Now part of the modern history of Iraq, Frank Lloyd Wright’s Baghdad dream is represented in drawing and models, now on display at New York City’s Center for Architecture. Iraq archaeology and art would have been presented in a complex that included an opera house and a university.
Images of Baghdad in the modern western media feature depictions of partially destroyed buildings in shattered towns – a result of a decade of war and political upheaval. However, Baghdad wasn’t always so. When stateswoman, explorer and Iraq archaeology enthusiast Gertrude Bell established the Baghdad Museum in the years following World War I, it was her intention to depict the history of Iraq and Iraq archaeology in all its complexity, represented by thousands of artifacts and pieces of art. Decades later, another visionary would have a dream for Baghdad: Frank Lloyd Wright. Baghdad, as it was conceived in his drawings and plans, would feature an archaeological museum, a gallery for contemporary art, a bazaar, a post office and a university campus. For Frank Lloyd Wright, Baghdad was the city in which the millennia-long history of Iraq could be displayed side-by-side with the best of what was then a modern and promising culture.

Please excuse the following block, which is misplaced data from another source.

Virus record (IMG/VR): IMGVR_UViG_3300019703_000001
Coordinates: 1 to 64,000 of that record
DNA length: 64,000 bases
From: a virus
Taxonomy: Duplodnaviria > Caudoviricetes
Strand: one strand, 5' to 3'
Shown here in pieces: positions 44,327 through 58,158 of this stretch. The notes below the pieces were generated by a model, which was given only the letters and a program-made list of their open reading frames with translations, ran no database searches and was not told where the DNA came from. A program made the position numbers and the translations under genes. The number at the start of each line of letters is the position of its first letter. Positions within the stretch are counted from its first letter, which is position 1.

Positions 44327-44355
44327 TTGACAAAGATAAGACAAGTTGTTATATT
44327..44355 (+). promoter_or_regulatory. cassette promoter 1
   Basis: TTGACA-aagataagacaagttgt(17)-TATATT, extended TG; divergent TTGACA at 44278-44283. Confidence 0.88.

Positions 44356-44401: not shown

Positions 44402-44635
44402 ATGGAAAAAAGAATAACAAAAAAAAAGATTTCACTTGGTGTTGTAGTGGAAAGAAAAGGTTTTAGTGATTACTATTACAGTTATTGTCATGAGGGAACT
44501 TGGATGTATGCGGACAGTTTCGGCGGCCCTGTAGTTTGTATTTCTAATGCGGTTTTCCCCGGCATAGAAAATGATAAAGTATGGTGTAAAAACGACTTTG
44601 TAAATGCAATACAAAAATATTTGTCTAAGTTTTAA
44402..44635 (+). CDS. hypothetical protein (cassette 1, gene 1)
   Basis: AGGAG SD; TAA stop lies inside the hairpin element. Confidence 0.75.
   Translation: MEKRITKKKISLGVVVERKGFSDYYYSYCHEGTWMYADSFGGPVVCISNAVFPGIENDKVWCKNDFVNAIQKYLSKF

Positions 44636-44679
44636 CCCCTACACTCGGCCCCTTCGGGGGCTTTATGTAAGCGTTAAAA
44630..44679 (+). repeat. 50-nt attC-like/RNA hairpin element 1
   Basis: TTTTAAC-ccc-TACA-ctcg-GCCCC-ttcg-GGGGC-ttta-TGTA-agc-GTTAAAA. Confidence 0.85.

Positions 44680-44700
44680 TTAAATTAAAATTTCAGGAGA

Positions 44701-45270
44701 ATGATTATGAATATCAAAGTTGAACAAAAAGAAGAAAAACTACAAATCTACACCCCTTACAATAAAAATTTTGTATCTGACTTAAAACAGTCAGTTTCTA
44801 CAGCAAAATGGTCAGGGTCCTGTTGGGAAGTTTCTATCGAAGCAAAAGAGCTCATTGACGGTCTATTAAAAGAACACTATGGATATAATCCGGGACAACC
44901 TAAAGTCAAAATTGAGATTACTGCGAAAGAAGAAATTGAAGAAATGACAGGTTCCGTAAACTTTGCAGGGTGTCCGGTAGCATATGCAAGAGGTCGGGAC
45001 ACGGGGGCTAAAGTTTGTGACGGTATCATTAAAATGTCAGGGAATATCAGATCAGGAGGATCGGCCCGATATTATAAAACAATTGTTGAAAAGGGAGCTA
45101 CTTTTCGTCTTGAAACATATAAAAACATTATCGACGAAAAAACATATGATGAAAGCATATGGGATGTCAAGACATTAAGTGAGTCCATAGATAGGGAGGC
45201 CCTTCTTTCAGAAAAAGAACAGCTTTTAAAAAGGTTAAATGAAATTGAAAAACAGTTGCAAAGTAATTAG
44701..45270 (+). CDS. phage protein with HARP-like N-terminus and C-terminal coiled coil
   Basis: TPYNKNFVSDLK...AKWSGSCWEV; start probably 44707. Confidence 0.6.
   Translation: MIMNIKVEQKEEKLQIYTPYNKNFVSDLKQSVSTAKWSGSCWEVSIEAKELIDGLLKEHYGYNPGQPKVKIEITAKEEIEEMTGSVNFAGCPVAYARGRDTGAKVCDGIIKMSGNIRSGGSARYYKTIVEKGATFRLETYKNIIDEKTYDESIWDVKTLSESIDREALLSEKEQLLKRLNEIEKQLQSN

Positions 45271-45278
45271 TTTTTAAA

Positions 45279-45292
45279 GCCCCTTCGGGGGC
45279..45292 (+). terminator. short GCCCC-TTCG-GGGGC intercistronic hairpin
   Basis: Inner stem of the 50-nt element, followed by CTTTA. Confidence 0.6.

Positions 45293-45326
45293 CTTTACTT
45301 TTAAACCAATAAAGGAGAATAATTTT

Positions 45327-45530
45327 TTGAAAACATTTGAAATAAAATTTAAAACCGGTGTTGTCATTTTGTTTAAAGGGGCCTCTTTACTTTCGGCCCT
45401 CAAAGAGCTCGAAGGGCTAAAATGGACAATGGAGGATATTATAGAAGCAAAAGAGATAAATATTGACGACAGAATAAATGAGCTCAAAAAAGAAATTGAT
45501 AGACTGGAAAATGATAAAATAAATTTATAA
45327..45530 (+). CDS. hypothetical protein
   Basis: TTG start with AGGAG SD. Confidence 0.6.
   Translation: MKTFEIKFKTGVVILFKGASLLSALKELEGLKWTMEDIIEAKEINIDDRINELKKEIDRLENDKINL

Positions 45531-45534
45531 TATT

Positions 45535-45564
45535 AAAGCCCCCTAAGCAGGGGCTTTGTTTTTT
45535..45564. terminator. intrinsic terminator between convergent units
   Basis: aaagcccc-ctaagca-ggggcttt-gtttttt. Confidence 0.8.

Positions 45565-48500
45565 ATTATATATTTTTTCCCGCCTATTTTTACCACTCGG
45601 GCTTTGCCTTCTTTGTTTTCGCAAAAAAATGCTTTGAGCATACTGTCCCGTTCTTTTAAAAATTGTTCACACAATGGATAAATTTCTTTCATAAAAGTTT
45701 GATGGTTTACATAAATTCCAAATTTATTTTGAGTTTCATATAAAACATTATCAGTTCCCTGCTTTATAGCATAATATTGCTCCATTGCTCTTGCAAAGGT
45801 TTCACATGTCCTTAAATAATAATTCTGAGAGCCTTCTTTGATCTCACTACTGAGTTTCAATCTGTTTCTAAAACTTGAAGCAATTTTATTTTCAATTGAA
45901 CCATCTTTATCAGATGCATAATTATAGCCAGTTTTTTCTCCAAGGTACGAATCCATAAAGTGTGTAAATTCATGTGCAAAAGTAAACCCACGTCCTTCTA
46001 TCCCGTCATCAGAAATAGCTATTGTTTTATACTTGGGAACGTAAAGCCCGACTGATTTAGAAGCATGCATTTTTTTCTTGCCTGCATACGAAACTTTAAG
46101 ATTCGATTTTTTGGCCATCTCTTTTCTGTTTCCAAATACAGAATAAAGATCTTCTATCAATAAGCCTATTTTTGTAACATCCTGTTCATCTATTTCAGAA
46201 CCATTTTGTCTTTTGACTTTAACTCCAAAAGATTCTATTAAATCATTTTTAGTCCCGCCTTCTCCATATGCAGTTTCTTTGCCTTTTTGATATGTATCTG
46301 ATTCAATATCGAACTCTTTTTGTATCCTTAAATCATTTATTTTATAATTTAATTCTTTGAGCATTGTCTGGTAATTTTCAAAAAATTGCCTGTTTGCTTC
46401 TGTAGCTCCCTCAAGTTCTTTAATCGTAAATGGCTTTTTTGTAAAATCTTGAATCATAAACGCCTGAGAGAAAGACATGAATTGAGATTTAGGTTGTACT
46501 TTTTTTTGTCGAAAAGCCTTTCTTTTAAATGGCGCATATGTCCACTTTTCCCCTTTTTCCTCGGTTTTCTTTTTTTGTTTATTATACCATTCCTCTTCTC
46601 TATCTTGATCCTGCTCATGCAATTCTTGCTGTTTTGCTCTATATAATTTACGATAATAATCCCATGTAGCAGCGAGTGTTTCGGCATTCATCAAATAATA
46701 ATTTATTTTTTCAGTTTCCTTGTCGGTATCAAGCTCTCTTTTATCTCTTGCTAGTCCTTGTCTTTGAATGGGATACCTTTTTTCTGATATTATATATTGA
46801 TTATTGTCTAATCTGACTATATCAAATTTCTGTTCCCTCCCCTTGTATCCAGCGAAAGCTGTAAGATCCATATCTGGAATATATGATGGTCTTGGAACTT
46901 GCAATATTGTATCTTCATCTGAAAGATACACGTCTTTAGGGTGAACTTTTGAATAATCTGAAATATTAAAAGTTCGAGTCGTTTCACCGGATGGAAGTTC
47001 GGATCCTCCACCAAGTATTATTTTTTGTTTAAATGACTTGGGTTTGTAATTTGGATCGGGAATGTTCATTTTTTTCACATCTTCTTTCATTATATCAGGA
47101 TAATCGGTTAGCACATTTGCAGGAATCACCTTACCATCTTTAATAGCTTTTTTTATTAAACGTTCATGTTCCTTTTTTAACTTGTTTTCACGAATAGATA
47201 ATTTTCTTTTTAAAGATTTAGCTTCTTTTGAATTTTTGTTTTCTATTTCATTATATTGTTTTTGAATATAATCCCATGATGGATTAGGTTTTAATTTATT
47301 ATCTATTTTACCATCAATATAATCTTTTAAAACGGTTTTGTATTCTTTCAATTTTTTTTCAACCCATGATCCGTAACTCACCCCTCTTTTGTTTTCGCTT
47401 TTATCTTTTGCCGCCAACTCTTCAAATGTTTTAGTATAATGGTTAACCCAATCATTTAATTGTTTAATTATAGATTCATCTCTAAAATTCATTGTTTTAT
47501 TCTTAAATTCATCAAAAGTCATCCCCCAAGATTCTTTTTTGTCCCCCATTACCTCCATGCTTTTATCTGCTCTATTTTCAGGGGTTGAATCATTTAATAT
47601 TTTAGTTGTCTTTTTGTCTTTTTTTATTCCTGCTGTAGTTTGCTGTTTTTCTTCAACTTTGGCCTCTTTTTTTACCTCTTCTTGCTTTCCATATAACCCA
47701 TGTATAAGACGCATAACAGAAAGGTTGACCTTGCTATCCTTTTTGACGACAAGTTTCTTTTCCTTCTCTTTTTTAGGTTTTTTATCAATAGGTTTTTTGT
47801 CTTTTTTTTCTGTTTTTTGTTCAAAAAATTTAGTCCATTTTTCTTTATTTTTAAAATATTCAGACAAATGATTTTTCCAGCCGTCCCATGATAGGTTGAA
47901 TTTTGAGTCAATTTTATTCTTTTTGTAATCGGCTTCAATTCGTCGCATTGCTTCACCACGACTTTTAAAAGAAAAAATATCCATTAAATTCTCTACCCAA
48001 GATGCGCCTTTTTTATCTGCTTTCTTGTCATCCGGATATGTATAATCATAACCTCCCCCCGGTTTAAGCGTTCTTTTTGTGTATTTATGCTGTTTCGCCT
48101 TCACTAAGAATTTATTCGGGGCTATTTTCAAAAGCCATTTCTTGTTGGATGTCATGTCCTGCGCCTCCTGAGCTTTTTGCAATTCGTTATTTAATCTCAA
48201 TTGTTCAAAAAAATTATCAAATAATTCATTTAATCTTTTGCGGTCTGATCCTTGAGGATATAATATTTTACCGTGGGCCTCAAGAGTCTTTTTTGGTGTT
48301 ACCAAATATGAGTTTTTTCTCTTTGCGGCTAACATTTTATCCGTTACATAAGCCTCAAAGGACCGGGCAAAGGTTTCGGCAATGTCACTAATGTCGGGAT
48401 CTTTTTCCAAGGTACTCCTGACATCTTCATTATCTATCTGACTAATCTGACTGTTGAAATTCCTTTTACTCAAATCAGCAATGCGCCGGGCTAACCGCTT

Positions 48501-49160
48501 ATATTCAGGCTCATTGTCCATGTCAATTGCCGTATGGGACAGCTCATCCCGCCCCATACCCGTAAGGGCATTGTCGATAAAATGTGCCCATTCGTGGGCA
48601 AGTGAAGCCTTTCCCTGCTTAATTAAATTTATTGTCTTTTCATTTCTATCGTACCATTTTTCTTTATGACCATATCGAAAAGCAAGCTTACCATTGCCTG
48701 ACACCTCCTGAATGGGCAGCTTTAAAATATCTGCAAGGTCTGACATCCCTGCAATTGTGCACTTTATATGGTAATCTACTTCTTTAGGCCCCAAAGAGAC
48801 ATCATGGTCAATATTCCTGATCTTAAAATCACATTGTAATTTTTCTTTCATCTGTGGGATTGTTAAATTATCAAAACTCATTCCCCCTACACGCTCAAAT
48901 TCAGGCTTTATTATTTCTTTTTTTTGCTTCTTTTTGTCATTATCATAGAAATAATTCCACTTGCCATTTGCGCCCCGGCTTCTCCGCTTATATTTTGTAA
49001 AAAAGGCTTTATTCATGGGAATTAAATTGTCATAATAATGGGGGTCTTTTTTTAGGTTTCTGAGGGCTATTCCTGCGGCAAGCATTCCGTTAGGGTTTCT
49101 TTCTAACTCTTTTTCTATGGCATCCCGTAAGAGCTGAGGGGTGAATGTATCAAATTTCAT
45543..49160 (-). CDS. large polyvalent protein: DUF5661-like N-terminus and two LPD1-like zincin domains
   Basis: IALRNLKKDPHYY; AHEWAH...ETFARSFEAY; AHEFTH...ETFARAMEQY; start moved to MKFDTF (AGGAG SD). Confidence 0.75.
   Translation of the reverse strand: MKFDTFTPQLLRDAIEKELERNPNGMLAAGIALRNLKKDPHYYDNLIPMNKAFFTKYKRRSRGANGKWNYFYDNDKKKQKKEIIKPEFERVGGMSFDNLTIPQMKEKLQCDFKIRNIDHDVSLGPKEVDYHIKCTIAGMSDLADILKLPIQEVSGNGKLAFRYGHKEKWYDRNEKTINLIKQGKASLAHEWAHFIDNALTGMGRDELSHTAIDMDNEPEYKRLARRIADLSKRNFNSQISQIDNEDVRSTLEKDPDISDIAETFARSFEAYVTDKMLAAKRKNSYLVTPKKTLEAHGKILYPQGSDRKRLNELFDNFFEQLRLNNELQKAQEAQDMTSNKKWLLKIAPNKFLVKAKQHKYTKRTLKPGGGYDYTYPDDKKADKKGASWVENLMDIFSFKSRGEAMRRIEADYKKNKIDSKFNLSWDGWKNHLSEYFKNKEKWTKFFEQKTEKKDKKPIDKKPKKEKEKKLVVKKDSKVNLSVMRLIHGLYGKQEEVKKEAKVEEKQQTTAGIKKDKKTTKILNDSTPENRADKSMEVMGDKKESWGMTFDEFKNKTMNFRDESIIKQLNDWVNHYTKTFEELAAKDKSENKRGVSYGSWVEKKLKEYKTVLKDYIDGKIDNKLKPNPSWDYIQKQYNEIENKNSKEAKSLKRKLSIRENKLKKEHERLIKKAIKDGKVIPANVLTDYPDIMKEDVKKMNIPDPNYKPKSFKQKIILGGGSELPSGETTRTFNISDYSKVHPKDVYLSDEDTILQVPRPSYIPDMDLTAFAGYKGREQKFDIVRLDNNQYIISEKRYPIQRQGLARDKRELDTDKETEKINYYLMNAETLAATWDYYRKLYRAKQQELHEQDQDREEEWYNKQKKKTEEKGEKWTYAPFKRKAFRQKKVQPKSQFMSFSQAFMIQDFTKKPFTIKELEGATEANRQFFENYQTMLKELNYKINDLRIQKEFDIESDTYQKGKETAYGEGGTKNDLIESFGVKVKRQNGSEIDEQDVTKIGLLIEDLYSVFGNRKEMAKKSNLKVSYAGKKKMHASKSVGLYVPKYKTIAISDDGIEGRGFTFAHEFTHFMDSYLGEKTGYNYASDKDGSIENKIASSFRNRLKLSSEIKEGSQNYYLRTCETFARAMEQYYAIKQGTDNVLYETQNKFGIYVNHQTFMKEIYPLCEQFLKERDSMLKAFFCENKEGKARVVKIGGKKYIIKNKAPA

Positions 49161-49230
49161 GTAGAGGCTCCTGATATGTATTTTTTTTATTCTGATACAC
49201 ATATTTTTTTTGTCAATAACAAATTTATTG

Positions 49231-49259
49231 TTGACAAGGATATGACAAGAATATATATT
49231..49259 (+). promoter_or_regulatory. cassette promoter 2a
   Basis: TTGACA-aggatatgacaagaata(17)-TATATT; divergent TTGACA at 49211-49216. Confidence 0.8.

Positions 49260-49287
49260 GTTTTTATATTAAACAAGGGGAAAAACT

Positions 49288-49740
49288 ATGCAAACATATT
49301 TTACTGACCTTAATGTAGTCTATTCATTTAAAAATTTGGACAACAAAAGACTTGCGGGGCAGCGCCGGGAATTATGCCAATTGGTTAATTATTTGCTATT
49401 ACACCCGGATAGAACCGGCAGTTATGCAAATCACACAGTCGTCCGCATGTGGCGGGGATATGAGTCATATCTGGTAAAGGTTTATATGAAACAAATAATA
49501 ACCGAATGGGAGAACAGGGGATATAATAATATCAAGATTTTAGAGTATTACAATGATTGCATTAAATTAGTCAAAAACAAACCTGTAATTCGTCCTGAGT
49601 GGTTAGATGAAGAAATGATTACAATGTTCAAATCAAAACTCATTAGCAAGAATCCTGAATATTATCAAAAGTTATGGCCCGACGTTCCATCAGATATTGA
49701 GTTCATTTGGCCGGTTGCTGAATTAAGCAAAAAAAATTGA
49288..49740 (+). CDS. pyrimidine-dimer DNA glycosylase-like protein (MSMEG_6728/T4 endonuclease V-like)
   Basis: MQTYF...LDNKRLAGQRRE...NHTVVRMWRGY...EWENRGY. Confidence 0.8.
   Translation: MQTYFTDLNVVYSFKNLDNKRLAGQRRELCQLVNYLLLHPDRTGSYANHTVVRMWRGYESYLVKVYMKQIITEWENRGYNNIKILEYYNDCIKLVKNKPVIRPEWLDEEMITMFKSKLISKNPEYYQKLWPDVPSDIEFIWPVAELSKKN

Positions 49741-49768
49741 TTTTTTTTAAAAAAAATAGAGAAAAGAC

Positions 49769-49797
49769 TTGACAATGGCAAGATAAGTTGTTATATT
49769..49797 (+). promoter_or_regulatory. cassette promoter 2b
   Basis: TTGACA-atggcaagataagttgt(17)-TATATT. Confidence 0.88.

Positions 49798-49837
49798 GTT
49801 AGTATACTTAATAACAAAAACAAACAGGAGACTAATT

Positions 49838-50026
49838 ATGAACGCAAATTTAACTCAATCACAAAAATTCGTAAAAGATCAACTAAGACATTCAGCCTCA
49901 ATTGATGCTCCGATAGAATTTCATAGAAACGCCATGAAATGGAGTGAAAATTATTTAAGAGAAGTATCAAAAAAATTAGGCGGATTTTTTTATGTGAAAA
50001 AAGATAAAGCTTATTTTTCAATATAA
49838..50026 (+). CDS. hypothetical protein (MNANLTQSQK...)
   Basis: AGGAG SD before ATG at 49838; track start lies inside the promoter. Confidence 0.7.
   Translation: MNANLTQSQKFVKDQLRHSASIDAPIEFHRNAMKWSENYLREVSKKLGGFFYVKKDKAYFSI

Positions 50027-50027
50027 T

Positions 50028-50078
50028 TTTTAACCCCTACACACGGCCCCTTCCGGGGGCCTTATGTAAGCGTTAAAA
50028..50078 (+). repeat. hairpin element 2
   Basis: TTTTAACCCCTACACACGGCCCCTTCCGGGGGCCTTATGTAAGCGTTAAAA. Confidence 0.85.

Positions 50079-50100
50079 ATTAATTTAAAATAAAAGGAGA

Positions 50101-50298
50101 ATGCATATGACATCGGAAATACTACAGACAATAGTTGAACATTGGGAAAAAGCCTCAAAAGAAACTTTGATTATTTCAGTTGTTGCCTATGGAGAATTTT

While Wright’s vision for Baghdad was never realized, his drawings now represent part of the history of Iraq – or at least the history of “what could have been.” In Wright’s plans, Iraq archaeology, as well as art and popular culture, would have existed harmoniously within a modern urban center. For Frank Lloyd Wright, Baghdad had enormous potential. He made his plans at the age of 90 after a visit to Baghdad in 1957. His drawings are currently on display at New York City’s Center for Architecture exhibit City of Mirages: Baghdad, 1952–1982. See what could be viewed as an alternate history of Iraq in the drawings and models currently on display in the exhibit.
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